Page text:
2) If you’re nursing your baby in a sling, change his position after feeding so his head is facing up and clear of both the sling and your body.

3) Frequently check to make sure your baby is okay.

Go to the CPSC’s warning page to see more images of unsafe sling use.

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Tags: | Categories: GoodyBlog

Spankin’ New Headlines

Friday, March 12th, 2010

News Image NEWShould kids get a three-day weekend? Some school districts are shifting to a four-day school week to deal with budget challenges. Wall Street Journal

Vaccinating kids—and only kids—against the flu can protect an entire community, finds a new study. New York Times

Ways to keep your child from becoming obese—even before she’s born. Los Angeles Times

Women who’ve previously delivered via c-section should be allowed to attempt vaginal birth, rules a new government report. Yahoo! News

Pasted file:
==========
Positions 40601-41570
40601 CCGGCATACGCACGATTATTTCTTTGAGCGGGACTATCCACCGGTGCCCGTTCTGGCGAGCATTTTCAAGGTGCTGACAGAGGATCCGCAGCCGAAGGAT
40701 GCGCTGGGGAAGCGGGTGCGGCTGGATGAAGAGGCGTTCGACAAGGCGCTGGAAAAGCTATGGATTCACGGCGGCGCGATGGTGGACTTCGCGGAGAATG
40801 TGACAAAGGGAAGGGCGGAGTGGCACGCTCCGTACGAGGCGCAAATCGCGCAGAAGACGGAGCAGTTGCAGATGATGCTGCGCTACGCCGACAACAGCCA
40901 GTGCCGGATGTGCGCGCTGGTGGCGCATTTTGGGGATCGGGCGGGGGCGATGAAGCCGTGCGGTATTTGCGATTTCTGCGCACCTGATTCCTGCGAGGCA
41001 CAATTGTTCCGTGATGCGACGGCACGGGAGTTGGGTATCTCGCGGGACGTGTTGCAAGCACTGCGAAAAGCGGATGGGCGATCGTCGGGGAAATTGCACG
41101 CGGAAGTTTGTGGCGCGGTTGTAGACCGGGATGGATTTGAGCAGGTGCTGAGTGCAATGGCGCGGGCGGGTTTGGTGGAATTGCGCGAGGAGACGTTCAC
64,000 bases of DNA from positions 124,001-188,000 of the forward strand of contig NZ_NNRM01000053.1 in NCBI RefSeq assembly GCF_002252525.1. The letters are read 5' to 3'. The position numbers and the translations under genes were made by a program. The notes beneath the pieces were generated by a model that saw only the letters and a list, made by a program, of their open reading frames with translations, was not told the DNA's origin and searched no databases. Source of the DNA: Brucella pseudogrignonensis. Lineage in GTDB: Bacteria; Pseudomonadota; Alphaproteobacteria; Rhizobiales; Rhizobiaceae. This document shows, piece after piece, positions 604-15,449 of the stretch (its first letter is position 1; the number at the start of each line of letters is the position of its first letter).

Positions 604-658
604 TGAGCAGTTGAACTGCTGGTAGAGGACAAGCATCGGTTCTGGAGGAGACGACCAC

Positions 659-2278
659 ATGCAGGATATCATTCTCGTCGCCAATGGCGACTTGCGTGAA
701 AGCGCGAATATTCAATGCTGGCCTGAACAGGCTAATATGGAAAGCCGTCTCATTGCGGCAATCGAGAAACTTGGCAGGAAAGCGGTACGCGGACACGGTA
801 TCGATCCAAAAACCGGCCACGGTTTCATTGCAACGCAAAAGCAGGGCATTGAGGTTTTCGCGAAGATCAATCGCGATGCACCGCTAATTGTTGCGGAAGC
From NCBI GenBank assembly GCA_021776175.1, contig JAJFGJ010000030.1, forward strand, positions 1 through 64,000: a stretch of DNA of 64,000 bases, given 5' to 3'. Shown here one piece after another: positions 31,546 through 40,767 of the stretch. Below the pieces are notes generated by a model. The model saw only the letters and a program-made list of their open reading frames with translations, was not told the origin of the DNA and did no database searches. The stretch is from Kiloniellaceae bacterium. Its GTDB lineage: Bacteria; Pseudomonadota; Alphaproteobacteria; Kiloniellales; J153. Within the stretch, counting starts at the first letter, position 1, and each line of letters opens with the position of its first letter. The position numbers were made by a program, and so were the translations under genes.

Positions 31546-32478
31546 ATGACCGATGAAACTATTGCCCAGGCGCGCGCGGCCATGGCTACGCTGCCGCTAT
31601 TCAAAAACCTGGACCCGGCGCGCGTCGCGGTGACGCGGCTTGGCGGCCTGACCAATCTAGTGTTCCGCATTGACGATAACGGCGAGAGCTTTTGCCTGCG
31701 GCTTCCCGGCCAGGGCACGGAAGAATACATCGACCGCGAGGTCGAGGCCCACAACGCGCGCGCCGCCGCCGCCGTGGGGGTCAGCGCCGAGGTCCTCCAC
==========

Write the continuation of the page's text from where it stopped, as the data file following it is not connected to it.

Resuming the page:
Scary fact: Preventable pregnancy-related deaths appear to be on the rise in the U.S., according to new research. USA Today

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Spankin’ New Headlines

Friday, March 5th, 2010

News Image NEWWatching special videos isn’t likely to help your baby acquire language—and it may, in fact, hamper her efforts.  HealthDay

What it’s like to be a child with sensory processing disorder. Boston Globe

Are American kids little more than models for their parents’ digital photo library? New York Times

Sign your kids up for music lessons! Playing an instrument may boost their smarts, according to recent research. Los Angeles Times

Haiti quake brings international adoption into the spotlight: an adoptee argues its merits. Newsweek

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Spankin’ New Headlines

Friday, February 26th, 2010

News Image NEWWhen divorced parents are split on religion. Newsweek

Does your child see a handwriting coach? Why some parents are hiring occupational therapists for their kids. New York Times

Health check: Twenty percent of U.S. children don’t see a dentist each year. USA Today

Pregnant and depressed? A new study finds that acupuncture may help. Wall Street Journal

Naptime isn’t just a much-needed break for you; it can help your baby remember what she just learned, according to new research. HealthDay